Visiting Scholar Ralph Lutts

156461_10151322402642684_161915370_nThe Goddard Graduate Institute was happy to host Ralph Lutts, EdD, as one of our visiting scholars for the August 2015 residency of the Individualized MA, Social Innovation and Sustainability MA, and Health Arts and Sciences programs. Lutts is faculty emeritus of Goddard College, having taught for over 20 years in the IMA, Sustainable Business and Communities, and undergraduate programs. An environmental historian whose work bridges science, environmental studies, literature and popular culture, Ralph has taught environmental history and literature at Hampshire College; American history, environmental history, and Appalachian history at Virginia Tech; and presented many classes, talks at workshops at conferences and in various communities. He is author of The Nature Fakers (Fulcrum, 1990) and editor of The Wild Animal Story (Temple University Press, 1998). His publications include a paper, “Like Manna from God,” on the history of the American chestnut trade in southwestern Virginia. He also worked as a Naturalist in Hampshire College’s Outdoors Program, directed the Outreach Division of the Virginia Museum of Natural History, was director of the Blue Hills Trailside Museum in Milton, MA, and curated the Boston Society of Natural History collections at Boston’s Museum of Science. He earned his doctorate in Environmental Education from the University of Massachusetts/ Amherst, and a BA in Biology at Trinity University.

51dhYOdhlZL._SX299_BO1,204,203,200_In his Goddard College profile, Lutts writes, “I am an environmental historian who has studied the history of sustainability, semi-subsistence living in the Appalachian Mountains, and environment and popular culture, and who is now examining the history of violence in appropriating natural resources from African Americans. In addition, I am a naturalist who delights in helping people to read the stories in the landscapes around them. I believe that effective efforts to promote sustainability work on the levels of both personal practice and public policy. The ultimate solutions to our problems lie in a complex mix of natural and social science approaches to understanding, personal practice community mobilization, and transformations in social values and spiritual roots. These solutions also need to respect and reflect the rich diversity of cultural values and practices throughout our nation and around the world. Each person can contribute to this effort in ways that work best for themselves.”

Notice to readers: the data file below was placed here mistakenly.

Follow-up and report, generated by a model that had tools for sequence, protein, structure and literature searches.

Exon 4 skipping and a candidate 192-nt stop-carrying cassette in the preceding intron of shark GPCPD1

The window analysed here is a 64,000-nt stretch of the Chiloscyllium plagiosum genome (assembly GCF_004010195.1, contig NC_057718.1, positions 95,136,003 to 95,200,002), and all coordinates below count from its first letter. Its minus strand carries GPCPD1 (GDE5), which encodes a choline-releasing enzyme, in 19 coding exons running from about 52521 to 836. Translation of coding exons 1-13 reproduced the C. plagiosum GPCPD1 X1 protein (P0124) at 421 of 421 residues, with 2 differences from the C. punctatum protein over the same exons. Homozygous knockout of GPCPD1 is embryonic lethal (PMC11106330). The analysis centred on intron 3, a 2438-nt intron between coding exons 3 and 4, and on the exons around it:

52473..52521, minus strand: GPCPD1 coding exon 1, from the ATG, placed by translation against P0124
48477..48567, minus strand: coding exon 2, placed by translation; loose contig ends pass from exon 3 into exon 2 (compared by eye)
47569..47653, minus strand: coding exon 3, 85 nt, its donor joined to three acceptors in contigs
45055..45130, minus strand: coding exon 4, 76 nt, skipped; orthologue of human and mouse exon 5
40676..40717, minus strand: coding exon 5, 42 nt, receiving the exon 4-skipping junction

At the residency, Ralph presented, “A Brief History of Sustainability in the USA,” which he described this way:

Sustainability is a hot topic today, but it is not a new one. Its history goes back to ancient times. In this workshop we will briefly examine sustainability as practiced by native peoples and ancient civilizations. (This will also include examples of their failure to live sustainably.) We will then examine beginnings of sustainable practices in Europe, as well as in the United States in the 19th century. Moving closer to the present, we will review the rise of the present movement later in the 20th century, the conflicts between the concepts of sustainable development and sustainable communities, and the interplay between sustainability as personal practice and social policy.

This entry was posted in Environmental, Sustainability & Place Studies, History & Political Science, Multiculturalism & Diversity Studies, Sustainability & Place Studies and tagged , , . Bookmark the permalink.

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